History of the Atlantic Cable & Undersea Communications
from the first submarine cable of 1850 to the worldwide fiber optic network

1858 Cable Jubilee at Albany, New York

Introduction: The successful completion of the Atlantic cable in August 1858 resulted in celebrations at many places, most being held on September 1st that year. The most spectacular one was in New York City, but festivities took place all around North America—at San Francisco, Philadelphia, Montreal, Worcester, St Louis, and other places, and in New York State at Adams, Albany, Buffalo, Chittenango, Clyde, Geneva, Lowville, Schenectady, Troy, Watertown, and almost certainly many additional locations.

In New York, beginning on August 21st, Tiffany & Company offered souvenir cable sections made from pieces of the hundred miles of cable which they purchased from the Atlantic Telegraph Company when USS Niagara arrived in New York after the completion of the expedition. Thousands of these souvenirs were sold, each about four inches long and bearing Tiffany’s name on a brass label certifying its authenticity, and a large number of them survive today.

Tiffany also offered the cable in any length to wholesale purchasers, and an enterprising firm of agricultural equipment manufacturers, Emery Brothers in Albany, New York, purchased several hundred feet of the cable, which they displayed in the Cable Jubilee procession held in that city on Wednesday September 1st 1858. This report from The Country Gentleman (Albany, Sept. 9, 1858), entitled “Telegraph Day,” describes the scene:

Emery Brothers opened the Agricultural display by a set of their machines beautifully finished, mounted on a high truck. Attached to this was a line some 700 feet in length, of the genuine Atlantic Cable procured from the surplus brought back by the Niagara, adorned by flags, and carried high in air by a hundred members of the “Albany Ag. Works Association”—the mechanics in the employ of Messrs. Emerys. There were two other trucks with machines from this house.

Reproduced on this page are other contemporary accounts from Albany newspapers of the Telegraph Day or Cable Jubilee; these include detailed descriptions of the Emery Brothers displays in the grand procession.

As part of the celebrations Emery Brothers either sold or gave away three-inch souvenir pieces of the 1858 cable. These have a similar brass label to the Tiffany sections, but with the Emery name and location instead of Tiffany’s. The design and wording of the label indicates that the Emery Brothers sections were also made by Tiffany, but unlike the Tiffany pieces these are quite scarce. One is shown below.

—Bill Burns

Emery Brothers 1858 cable souvenir, about 3" long

Detail of brass label:

Atlantic Telegraph Cable
Guaranteed by
Emery Brothers
52 State St. Albany N.Y. 1858

For comparison, below is a Tiffany label. The font, wording, layout, and style of the Emery Brothers label are very similar to those of the Tiffany version, and it is almost certain that Tiffany made up the souvenir cables for Messrs. Emery.



Albany Evening Journal, August 31, 1858
[Editor’s note: The newspaper is dated Tuesday Evening, August 31, 1858, but reports on events of Wednesday September 1st, which it refers to as "yesterday".]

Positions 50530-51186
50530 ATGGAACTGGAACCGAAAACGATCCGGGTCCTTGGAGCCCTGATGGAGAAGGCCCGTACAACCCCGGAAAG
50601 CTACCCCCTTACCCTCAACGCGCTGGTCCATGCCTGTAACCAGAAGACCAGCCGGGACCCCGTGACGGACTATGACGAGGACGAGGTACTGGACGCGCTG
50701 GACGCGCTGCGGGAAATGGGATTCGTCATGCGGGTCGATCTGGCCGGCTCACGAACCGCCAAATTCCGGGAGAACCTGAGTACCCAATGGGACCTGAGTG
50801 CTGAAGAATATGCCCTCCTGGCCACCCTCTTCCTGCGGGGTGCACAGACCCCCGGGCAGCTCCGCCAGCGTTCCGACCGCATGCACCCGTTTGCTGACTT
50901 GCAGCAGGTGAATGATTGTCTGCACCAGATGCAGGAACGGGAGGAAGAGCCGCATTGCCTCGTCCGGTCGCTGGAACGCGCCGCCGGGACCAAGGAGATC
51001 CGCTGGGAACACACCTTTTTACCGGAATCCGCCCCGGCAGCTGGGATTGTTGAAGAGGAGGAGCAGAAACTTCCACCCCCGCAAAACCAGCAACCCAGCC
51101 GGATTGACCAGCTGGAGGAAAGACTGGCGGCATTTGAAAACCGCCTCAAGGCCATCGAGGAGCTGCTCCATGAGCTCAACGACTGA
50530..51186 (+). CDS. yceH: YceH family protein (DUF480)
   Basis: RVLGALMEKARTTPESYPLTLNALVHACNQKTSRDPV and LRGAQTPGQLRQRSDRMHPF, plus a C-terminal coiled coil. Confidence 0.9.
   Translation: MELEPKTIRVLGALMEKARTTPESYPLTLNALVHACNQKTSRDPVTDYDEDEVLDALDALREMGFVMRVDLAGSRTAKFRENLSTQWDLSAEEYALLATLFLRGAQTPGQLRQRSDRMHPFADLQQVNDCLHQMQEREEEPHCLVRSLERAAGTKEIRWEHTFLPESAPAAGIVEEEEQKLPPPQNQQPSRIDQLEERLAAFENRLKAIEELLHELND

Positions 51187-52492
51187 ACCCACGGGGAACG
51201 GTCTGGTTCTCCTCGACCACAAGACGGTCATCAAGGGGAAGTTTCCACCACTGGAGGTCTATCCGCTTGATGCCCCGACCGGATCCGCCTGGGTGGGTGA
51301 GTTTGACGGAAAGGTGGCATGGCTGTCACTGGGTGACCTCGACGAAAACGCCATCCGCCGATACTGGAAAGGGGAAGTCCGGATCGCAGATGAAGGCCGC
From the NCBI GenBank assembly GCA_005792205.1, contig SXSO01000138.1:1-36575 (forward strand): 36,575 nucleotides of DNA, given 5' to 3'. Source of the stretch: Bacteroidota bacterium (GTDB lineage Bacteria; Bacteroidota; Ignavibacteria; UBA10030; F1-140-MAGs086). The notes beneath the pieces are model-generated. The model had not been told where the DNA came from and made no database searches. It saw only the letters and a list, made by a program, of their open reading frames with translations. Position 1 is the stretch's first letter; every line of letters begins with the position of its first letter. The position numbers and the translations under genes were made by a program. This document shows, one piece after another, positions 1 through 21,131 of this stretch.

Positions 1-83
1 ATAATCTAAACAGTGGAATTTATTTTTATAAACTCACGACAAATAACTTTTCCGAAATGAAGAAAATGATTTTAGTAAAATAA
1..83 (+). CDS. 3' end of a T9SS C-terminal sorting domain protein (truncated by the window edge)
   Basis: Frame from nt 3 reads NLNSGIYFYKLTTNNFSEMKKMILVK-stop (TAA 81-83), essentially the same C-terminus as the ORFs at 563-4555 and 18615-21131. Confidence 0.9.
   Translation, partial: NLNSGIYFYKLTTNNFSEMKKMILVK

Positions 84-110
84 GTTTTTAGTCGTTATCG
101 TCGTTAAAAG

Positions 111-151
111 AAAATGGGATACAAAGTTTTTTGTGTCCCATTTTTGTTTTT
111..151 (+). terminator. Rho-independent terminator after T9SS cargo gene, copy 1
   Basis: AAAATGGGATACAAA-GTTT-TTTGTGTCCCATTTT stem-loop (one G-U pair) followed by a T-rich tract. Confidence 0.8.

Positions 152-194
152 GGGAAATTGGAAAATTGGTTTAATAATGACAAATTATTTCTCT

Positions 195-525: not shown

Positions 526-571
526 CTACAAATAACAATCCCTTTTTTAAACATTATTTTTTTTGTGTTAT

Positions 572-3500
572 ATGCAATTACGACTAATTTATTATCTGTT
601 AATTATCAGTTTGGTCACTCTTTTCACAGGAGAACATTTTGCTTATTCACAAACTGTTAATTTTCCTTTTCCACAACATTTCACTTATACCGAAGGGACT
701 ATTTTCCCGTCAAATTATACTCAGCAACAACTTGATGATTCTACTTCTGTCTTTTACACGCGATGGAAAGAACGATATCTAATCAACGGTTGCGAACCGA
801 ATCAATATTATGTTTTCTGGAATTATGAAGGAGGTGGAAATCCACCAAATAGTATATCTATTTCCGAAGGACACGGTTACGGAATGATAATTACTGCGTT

Celebration in Albany!
A Great Day!

Albany has never witnessed so enthusiastic and universal a celebration as that of yesterday. The general turn out to celebrate the opening of the Erie Canal was the nearest approach to it, but even that was eclipsed. It was one of those rare times when men of every opinion and condition can unite in common rejoicing, and its magnificent effects, ingenious devices, and the hearty good will which pervaded all, will long be among the cherished recollections of every Albanian.

During Tuesday the threatening look of the clouds, and an occasional sprinkle of rain created apprehensions that bad weather might, after all, spoil the expected display. But at night the sky cleared off and Wednesday morning opened cloudless, mild and serene. Had it been picked out of all the days of the year, a better one for the jubilee could not have been chosen.

The National Salute awoke the town at sunrise and was speedily followed by that miscellaneous popping of pistols, toy cannon, powder crackers and other small artillery which has heretofore been a distinctive feature of the 4th of July only. The streets soon filled up. Crowds of people from the adjacent country, in every imaginable style of vehicle, and on foot, poured in. From all the distant streets, not “on the line of the procession,” a living tide set towards State street and Broadway, which were densely packed long before the hour for the ceremonies to begin. Unwonted bustle in and about the various establishments, armories and associations rooms attested the “gathering of the clans” and the preparation for the display.

Flags were raised on every mast and flag staff, and hung out of the windows, suspended over the doors, draped among the trees, festooned across the streets. The Stars and Stripes were omnipresent. St. George’s blood-red Cross intertwined with them here and there, and tricolors of every style floated and swung in the breeze. From the Hotels, Public Buildings, Newspaper offices, manufacturing establishments and many private residences, Mottoes were displayed, pithy and appropriate,—some embodying texts of Scripture, others epigrammatic flashes of wit, humor and poetry.